New facility in Tennessee to increase GM's ability to lead production of batteries at scale; Ultium battery tech is at the heart of GM's EV strategy
Ultium Cells, a joint venture of LG Energy Solution and General Motors, today announced a more than $2.3 billion (Rs 17,022 crore) investment to build its second battery cell manufacturing plant in the United States. The facility will be located in Spring Hill, Tennessee.
Ultium Cells will build the new plant on land leased from GM. The new battery cell plant will create 1,300 new jobs. Construction on the approximately 2.8 million-square-foot facility will begin immediately, and the plant is scheduled to open in late 2023. Once operational, the facility will supply battery cells to GM's Spring Hill assembly plant.
"The addition of our second all-new Ultium battery cell plant in the U.S. with our joint venture partner LG Energy Solution is another major step in our transition to an all-electric future," said GM Chairman and CEO Mary Barra.
"This partnership with General Motors will transform Tennessee into another key location for electric vehicle and battery production. It will allow us to build solid and stable U.S-based supply chains that enable everything from research, product development and production to the procurement of raw components," LG Energy Solution President and CEO Jonghyun Kim said. "Importantly, I truly believe this coming together transcends a partnership as it marks a defining moment that will reduce emissions and help to accelerate the adoption of EVs."
Ultium tech drives GM’s EV strategy
GM's proprietary Ultium battery technology is at the heart of the company's strategy to compete for nearly every EV customer in the marketplace, be it affordable transportation, luxury vehicles, work trucks, commercial trucks or high-performance machines.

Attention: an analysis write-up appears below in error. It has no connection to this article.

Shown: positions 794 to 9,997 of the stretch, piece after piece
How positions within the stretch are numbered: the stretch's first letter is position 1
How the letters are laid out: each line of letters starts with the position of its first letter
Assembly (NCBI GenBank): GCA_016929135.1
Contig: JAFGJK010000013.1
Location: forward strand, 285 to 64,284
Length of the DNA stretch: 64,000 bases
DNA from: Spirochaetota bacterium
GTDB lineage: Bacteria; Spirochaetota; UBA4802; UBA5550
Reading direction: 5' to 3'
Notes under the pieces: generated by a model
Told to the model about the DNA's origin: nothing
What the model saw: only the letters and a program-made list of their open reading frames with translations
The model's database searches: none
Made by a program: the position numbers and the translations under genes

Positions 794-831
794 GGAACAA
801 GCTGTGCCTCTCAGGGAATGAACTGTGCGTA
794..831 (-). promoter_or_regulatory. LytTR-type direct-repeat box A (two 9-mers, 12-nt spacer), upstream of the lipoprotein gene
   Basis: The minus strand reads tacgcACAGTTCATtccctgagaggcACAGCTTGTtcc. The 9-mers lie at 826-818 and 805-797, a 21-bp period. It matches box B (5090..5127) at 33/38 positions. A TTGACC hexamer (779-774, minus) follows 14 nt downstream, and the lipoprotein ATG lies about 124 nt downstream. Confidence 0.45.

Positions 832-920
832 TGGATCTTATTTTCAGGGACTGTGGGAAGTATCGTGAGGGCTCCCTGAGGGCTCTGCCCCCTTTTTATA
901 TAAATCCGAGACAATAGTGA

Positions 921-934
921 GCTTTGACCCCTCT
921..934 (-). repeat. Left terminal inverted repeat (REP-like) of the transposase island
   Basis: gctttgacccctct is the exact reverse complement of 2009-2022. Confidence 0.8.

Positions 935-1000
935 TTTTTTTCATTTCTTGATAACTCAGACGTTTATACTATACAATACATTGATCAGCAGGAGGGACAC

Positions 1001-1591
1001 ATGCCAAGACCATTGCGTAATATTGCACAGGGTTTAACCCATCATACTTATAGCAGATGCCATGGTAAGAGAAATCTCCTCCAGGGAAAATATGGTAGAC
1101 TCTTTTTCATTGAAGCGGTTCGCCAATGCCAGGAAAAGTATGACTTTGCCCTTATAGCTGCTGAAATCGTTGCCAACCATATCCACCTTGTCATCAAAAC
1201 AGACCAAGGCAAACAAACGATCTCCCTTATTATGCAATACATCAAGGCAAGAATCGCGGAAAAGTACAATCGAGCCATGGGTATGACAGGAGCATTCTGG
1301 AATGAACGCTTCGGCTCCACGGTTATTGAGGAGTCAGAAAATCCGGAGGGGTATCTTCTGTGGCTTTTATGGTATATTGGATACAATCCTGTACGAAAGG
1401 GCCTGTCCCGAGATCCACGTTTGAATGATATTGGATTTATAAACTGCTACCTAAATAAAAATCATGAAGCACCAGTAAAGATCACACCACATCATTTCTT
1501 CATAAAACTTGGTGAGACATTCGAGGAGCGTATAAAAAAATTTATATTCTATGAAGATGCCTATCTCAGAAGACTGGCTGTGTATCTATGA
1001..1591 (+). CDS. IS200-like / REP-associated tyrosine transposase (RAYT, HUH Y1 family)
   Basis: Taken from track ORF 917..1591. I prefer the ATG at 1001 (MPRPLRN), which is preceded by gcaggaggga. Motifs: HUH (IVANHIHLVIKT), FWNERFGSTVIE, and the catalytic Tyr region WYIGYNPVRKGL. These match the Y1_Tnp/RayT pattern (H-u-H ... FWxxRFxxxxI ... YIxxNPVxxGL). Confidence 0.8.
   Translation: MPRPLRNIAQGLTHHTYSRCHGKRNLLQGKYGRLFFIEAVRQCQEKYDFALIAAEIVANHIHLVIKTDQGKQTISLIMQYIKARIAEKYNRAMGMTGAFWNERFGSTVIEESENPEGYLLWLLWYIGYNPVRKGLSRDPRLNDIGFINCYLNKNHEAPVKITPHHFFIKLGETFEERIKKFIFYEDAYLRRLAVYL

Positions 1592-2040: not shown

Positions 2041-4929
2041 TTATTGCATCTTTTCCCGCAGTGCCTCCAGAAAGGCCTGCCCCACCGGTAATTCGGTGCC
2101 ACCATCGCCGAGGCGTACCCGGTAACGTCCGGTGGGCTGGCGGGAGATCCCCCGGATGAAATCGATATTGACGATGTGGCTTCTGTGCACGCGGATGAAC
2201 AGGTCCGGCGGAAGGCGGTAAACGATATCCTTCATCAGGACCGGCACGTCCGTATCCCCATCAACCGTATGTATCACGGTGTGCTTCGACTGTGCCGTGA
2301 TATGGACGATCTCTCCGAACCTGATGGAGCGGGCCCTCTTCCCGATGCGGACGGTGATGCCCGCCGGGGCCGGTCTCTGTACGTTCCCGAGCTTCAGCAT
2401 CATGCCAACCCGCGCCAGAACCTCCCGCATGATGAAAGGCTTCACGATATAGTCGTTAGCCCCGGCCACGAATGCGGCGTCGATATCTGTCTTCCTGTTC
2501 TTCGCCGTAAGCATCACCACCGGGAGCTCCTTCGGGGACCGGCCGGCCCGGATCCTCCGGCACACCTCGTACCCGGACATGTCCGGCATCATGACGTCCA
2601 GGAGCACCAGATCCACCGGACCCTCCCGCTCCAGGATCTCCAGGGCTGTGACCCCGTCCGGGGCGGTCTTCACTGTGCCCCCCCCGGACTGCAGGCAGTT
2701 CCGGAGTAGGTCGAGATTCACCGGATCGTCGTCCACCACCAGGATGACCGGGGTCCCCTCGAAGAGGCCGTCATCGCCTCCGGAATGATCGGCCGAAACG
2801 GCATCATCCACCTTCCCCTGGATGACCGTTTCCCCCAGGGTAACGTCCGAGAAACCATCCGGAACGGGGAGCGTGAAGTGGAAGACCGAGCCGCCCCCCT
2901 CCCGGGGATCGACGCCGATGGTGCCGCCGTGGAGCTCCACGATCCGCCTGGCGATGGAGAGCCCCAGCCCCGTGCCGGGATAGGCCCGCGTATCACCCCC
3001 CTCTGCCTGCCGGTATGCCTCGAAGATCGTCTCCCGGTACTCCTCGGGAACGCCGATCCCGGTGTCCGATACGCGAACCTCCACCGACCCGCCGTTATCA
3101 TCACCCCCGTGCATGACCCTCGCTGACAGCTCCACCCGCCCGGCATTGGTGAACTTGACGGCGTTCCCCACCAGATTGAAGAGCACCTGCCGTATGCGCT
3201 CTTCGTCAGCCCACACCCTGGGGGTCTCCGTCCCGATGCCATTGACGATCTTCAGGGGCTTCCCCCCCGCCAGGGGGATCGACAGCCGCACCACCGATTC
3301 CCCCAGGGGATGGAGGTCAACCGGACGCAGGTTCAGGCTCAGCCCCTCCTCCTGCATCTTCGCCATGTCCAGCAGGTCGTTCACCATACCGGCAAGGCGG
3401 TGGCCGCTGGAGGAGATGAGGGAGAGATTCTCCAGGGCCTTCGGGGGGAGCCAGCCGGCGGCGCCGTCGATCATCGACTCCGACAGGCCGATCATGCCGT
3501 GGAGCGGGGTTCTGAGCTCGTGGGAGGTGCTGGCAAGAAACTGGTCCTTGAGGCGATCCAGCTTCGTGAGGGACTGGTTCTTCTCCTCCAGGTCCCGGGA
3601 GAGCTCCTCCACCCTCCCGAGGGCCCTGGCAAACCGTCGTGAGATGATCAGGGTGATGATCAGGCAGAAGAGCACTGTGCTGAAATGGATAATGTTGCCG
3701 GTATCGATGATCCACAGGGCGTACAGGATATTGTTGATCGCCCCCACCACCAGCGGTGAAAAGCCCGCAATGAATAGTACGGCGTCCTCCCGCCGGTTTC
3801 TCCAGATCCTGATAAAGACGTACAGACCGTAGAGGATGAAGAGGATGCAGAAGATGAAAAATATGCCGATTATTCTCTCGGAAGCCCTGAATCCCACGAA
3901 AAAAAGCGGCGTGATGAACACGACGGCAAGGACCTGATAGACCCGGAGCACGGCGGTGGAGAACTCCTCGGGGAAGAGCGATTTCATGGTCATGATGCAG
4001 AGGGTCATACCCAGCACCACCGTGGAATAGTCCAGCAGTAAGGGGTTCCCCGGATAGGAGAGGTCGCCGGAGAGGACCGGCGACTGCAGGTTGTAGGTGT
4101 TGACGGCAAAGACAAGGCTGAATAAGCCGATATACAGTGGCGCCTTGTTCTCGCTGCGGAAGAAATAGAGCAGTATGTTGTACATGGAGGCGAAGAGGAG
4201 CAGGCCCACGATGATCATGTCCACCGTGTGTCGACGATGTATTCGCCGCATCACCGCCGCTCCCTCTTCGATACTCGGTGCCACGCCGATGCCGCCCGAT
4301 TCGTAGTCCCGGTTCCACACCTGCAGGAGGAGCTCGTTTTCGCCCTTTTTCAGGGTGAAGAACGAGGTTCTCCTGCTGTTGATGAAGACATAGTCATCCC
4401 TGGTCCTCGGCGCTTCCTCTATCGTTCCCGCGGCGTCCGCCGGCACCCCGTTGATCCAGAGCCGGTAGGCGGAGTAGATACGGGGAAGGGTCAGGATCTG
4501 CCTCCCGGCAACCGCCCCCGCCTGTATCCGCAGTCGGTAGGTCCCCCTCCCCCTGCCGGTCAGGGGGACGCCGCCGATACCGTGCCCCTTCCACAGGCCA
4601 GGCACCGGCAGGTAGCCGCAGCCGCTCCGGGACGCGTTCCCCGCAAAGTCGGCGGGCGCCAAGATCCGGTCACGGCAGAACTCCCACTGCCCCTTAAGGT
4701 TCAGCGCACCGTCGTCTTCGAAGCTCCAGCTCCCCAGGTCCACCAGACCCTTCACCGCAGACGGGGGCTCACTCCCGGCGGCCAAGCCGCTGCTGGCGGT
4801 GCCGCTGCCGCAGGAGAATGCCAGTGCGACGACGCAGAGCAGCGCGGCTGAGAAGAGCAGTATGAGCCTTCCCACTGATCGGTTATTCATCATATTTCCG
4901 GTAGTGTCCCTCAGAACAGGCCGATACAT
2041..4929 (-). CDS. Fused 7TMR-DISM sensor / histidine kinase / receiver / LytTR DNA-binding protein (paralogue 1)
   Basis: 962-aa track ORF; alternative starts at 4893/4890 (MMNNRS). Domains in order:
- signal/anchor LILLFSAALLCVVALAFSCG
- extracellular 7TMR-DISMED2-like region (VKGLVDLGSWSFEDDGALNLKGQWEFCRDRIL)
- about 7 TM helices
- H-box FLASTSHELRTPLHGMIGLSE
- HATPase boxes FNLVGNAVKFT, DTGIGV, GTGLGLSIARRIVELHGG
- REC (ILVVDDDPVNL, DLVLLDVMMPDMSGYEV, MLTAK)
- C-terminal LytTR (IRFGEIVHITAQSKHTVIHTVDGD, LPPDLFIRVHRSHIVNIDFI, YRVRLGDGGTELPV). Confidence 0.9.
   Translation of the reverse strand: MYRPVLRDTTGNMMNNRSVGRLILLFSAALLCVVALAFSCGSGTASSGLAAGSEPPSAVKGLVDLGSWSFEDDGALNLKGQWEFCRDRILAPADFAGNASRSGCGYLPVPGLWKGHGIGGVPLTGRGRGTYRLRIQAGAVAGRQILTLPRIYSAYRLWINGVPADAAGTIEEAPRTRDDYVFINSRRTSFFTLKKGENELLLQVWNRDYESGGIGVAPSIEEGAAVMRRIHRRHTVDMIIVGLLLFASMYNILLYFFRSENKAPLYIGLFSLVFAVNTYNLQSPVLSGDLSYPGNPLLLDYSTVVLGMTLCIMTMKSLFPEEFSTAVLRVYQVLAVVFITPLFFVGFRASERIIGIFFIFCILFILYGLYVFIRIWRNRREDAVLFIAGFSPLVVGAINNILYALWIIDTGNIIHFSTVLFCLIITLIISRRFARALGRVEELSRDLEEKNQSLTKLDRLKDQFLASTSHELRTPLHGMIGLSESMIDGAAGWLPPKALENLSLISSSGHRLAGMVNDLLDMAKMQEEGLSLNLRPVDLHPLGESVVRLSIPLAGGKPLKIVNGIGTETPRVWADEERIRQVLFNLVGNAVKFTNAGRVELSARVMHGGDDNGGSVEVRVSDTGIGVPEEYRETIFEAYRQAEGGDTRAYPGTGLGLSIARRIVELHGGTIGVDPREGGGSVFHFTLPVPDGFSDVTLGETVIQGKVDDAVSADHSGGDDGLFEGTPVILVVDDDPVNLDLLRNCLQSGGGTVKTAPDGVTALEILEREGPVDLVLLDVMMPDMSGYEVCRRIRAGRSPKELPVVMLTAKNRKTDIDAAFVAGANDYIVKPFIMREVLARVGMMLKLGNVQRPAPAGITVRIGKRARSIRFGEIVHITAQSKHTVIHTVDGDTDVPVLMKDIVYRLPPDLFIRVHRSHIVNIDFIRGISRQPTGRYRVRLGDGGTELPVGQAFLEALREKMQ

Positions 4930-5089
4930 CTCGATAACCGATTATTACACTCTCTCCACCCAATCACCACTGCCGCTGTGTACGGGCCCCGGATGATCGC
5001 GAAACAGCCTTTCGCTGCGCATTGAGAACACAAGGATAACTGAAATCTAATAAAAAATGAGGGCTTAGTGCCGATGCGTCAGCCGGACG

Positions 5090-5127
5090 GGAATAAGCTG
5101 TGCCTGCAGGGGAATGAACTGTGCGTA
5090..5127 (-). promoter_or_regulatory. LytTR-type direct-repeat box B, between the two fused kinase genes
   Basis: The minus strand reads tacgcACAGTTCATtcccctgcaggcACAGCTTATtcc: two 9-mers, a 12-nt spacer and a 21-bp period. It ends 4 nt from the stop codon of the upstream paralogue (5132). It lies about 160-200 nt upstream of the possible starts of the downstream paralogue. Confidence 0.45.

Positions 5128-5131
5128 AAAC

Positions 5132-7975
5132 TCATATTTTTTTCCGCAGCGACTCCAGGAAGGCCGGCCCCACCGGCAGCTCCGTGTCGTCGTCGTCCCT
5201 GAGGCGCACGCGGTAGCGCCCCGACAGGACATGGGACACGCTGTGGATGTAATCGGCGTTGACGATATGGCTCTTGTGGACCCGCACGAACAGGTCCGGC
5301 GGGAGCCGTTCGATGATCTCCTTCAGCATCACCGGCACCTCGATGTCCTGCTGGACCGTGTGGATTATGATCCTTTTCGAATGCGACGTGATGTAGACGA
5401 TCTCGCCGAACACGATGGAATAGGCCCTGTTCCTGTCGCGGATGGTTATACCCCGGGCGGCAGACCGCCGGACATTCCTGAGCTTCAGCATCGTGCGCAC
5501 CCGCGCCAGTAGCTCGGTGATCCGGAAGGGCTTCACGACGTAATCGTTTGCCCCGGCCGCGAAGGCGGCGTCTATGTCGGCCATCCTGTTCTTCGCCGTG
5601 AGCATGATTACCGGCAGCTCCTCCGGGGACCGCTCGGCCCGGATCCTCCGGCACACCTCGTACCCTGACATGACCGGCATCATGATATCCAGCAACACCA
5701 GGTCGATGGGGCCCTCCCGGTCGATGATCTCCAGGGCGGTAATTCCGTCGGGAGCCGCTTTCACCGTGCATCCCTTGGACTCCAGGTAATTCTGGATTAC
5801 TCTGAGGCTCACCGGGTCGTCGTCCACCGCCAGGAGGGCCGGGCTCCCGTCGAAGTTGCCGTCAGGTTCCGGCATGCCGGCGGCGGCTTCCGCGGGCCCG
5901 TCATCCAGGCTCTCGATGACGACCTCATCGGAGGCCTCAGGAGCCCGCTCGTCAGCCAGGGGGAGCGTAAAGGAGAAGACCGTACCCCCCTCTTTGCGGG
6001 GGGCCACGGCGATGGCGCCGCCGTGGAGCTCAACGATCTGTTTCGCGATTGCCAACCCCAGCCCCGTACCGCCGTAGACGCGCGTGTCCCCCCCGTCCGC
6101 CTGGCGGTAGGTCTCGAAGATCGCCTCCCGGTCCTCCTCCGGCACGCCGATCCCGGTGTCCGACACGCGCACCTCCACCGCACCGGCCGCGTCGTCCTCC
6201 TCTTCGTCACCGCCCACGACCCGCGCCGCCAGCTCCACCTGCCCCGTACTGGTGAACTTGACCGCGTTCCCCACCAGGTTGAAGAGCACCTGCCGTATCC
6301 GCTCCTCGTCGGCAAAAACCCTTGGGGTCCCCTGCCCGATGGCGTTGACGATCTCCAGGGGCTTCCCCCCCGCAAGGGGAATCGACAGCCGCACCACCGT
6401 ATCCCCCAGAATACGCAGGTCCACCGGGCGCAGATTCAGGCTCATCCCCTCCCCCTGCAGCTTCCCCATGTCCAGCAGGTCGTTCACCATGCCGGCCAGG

Ultium batteries are unique in the industry because the large-format, pouch-style cells can be stacked vertically or horizontally inside the battery pack. This allows engineers to optimize battery energy storage and layout for each vehicle design. Energy options range from 50 to 200 kilowatt hours, which could enable a GM-estimated range up to 450 miles / 720 kilometres or more on a full charge with 0-100kph acceleration in 3 seconds.
GM's future Ultium-powered EVs are designed for Level 2 and DC fast charging. Most will have 400-volt battery packs and up to 200 kW fast charging capability while GM's truck platform will have 800-volt battery packs and 350 kW fast charging capability.
With a 30-year history in the battery business, LG Energy Solution has made consistent, large-scale investments to accumulate enough stability, credibility and manufacturing experience to invent its own cutting-edge technologies. The company established its first research facility in the U.S. in the early 2000s. In 2010, the company built its first U.S battery plant in Holland, Michigan.
Through Ultium Cells, LG Energy Solution and GM will merge their advanced technologies and capabilities to help accelerate automotive electrification.
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